College not only poses a need for academic adjustment, but an adjustment to a new lifestyle. Juggling a new schedule and expectations that go along with it can take its toll on freshmen emotionally, physically, and academically. Many colleges are attuned to this transition and offer support to freshmen in a variety of ways.
Dorms have trained personnel called resident assistants or RA’s assigned to help students with everyday issues including roommate issues, school rules and guidelines, activities, and other school community issues. “Meltdowns” or emotional distress can occur due to grade pressure.
Mental health centers on campus offer counseling services from licensed psychologists and psychiatrists for counseling issues such as depression, eating disorders, anxiety, chemical dependency, and so on. If students need medical attention, the medical centers on campus can handle those requests. There are a variety of spiritual centers that can also offer support to students who want to continue involvement in their faith life, attending retreats, and community service opportunities. Career Centers are open to students interested in career exploration, internships, resume building, study abroad opportunities, and applications to graduate school. The following list includes a collection of suggestions made by upperclassmen for incoming freshmen.
- Moving-in day can be stressful. Don’t yell at your parents; they are trying to help you. Pack light!
- If your dorm does not have air conditioning, bring fans!
- Attend orientation activities; you will have plenty of times to do other activities later –establish a life on campus.
- Maintain contact with family and friends via email, texting, or phone calls. This will reduce his or her anxiety and fears. Check privacy settings on Facebook and watch what you post on your wall.
- Find a balance between keeping contact with the friends from home and new friends at college. Avoid “drama”, gossip, and confront issues before they get too big. A word on roommates – set rules you could agree on, communicate, be considerate, be flexible, and be respectful.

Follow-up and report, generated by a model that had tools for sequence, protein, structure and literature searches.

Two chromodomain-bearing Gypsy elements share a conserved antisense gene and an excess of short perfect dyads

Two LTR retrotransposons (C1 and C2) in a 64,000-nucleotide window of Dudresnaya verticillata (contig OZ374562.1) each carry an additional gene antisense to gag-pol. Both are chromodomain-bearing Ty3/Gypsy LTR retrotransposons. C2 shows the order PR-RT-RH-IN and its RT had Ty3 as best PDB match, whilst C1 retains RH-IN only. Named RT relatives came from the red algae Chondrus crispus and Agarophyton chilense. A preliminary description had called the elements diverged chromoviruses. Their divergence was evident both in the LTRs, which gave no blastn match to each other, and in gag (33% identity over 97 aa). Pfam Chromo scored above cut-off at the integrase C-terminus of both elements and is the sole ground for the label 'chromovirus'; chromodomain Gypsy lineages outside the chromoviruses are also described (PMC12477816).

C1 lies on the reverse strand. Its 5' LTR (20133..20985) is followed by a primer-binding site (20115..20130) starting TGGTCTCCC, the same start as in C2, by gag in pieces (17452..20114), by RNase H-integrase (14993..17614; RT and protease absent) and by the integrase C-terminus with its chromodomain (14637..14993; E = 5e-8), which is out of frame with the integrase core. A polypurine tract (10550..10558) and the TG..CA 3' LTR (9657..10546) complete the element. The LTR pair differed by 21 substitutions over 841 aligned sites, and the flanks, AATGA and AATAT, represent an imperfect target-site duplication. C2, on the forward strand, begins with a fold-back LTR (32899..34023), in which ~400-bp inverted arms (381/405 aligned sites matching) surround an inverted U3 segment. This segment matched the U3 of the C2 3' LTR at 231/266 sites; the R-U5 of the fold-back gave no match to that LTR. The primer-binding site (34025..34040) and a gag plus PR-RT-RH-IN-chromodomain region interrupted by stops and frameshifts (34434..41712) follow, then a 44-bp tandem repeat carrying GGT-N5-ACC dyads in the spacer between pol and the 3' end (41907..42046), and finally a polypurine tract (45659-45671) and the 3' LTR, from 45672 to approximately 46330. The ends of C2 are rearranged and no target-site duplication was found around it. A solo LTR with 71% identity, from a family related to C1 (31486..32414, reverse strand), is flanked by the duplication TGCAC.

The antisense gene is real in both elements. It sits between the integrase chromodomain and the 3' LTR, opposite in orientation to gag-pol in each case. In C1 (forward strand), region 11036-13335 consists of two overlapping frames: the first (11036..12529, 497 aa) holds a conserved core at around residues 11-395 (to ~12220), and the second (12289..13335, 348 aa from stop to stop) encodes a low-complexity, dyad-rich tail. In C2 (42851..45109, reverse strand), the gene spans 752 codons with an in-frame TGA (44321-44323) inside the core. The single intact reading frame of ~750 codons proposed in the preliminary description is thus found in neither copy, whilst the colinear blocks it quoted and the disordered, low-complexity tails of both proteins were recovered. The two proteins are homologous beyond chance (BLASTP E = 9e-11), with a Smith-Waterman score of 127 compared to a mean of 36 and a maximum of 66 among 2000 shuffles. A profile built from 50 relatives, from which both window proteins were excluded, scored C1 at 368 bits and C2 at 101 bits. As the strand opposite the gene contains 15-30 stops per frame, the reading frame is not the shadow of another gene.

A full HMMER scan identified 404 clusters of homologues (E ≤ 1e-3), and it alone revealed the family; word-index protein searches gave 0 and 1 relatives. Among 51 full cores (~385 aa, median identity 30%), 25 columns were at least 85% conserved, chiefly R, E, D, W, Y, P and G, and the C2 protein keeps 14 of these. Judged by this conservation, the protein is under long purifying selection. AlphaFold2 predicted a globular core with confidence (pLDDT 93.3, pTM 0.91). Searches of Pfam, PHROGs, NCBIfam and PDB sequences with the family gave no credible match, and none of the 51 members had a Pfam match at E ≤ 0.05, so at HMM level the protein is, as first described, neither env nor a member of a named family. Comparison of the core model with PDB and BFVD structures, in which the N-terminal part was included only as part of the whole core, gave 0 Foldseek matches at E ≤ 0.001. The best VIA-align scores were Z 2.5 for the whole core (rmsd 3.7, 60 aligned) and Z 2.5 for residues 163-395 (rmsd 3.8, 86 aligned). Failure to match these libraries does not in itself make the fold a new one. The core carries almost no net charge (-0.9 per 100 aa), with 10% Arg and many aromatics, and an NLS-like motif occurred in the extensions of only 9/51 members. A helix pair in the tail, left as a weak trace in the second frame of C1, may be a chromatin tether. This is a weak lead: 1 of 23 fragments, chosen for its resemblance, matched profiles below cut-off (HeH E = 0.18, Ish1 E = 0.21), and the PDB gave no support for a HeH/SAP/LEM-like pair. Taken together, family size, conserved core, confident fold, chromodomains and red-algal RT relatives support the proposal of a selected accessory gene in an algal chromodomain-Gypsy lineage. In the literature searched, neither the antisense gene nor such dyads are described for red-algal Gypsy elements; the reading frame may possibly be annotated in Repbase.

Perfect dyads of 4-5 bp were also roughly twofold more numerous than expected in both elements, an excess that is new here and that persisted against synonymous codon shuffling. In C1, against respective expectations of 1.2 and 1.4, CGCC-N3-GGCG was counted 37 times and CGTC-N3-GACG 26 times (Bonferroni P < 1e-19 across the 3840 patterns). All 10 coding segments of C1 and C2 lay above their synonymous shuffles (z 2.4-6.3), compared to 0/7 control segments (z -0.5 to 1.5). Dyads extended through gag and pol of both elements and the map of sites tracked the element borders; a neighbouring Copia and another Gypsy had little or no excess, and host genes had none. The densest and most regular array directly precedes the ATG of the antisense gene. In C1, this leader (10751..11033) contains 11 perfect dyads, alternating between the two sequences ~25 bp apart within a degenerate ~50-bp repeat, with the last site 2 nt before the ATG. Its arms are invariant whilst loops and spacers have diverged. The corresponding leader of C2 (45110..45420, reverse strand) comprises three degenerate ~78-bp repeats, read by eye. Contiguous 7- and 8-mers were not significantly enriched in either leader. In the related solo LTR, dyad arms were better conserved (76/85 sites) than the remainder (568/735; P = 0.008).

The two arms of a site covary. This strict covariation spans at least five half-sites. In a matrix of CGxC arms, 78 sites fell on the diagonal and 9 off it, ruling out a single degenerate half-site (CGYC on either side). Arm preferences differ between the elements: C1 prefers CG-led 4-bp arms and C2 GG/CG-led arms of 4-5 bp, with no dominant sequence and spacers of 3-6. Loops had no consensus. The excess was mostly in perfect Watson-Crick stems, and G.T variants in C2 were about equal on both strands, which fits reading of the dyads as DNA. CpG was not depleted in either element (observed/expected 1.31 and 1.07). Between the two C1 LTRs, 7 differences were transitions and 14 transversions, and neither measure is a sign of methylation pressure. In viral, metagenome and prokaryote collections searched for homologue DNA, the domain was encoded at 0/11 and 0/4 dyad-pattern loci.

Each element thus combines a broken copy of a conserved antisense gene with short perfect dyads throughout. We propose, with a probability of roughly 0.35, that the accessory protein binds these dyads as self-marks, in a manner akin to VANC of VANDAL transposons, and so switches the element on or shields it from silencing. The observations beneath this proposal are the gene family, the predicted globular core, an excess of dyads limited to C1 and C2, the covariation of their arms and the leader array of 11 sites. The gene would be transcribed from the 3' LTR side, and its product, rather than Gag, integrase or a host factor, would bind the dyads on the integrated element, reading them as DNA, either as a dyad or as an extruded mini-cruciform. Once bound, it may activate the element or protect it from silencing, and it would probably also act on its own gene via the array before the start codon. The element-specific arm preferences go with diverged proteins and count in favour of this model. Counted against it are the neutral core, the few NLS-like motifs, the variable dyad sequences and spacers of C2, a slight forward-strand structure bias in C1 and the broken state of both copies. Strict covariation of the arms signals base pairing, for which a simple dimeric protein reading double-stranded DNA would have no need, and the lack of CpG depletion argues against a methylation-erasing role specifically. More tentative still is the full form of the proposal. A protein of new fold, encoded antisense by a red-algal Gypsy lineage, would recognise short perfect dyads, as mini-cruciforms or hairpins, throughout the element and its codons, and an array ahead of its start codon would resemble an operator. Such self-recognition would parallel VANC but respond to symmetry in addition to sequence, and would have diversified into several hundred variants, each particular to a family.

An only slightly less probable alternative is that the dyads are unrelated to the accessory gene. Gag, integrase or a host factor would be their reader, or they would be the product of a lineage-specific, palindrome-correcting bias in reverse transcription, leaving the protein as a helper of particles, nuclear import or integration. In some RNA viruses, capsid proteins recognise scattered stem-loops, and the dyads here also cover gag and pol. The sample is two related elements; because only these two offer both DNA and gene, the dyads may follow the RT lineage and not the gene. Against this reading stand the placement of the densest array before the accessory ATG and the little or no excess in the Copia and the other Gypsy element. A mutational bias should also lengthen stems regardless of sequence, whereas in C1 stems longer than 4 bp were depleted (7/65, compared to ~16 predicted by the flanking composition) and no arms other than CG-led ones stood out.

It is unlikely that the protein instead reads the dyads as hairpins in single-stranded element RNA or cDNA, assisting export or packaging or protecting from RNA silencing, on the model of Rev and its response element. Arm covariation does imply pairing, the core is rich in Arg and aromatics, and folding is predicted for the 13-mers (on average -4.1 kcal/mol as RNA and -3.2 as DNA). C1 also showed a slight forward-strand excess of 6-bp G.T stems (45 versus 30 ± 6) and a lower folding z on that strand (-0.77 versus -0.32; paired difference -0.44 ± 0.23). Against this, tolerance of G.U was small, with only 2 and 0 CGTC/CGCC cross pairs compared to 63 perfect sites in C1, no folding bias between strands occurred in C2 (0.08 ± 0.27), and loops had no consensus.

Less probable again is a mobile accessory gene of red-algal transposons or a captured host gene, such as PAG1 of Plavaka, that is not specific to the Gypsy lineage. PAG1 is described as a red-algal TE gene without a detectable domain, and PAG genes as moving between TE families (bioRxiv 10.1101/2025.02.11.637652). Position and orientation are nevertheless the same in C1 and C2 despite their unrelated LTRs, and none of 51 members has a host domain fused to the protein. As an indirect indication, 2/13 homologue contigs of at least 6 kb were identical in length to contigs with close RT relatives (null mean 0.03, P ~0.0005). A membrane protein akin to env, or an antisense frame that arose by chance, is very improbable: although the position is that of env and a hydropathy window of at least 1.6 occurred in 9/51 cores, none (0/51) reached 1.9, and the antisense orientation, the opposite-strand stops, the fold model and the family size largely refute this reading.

- Make a good first impression and remember names – think ahead to internship opportunities or who could write you a letter of recommendation in the future.
- Network with all types of people including your academic advisor, professors, RA, registrar, and bursar in business office.
- Study, study, study! Find a comfortable place to do your studying where you will not be disturbed – attend class and keep organized notes– take responsibility for your own learning. Join a study group.
- Avoid peer pressure; don’t worry about what others think about you. Stay safe, respect each other – you are responsible for your actions. Don’t do drugs or use alcohol illegally; they will ruin your future!
- Monitor spending— keep yourself on a budget—know the cost of your living, give yourself an allowance, organize receipts, be frugal, understand your debt load, avoid credit cards, and watch out for identity theft.
- Remember, ask for help! You don’t have to go it alone.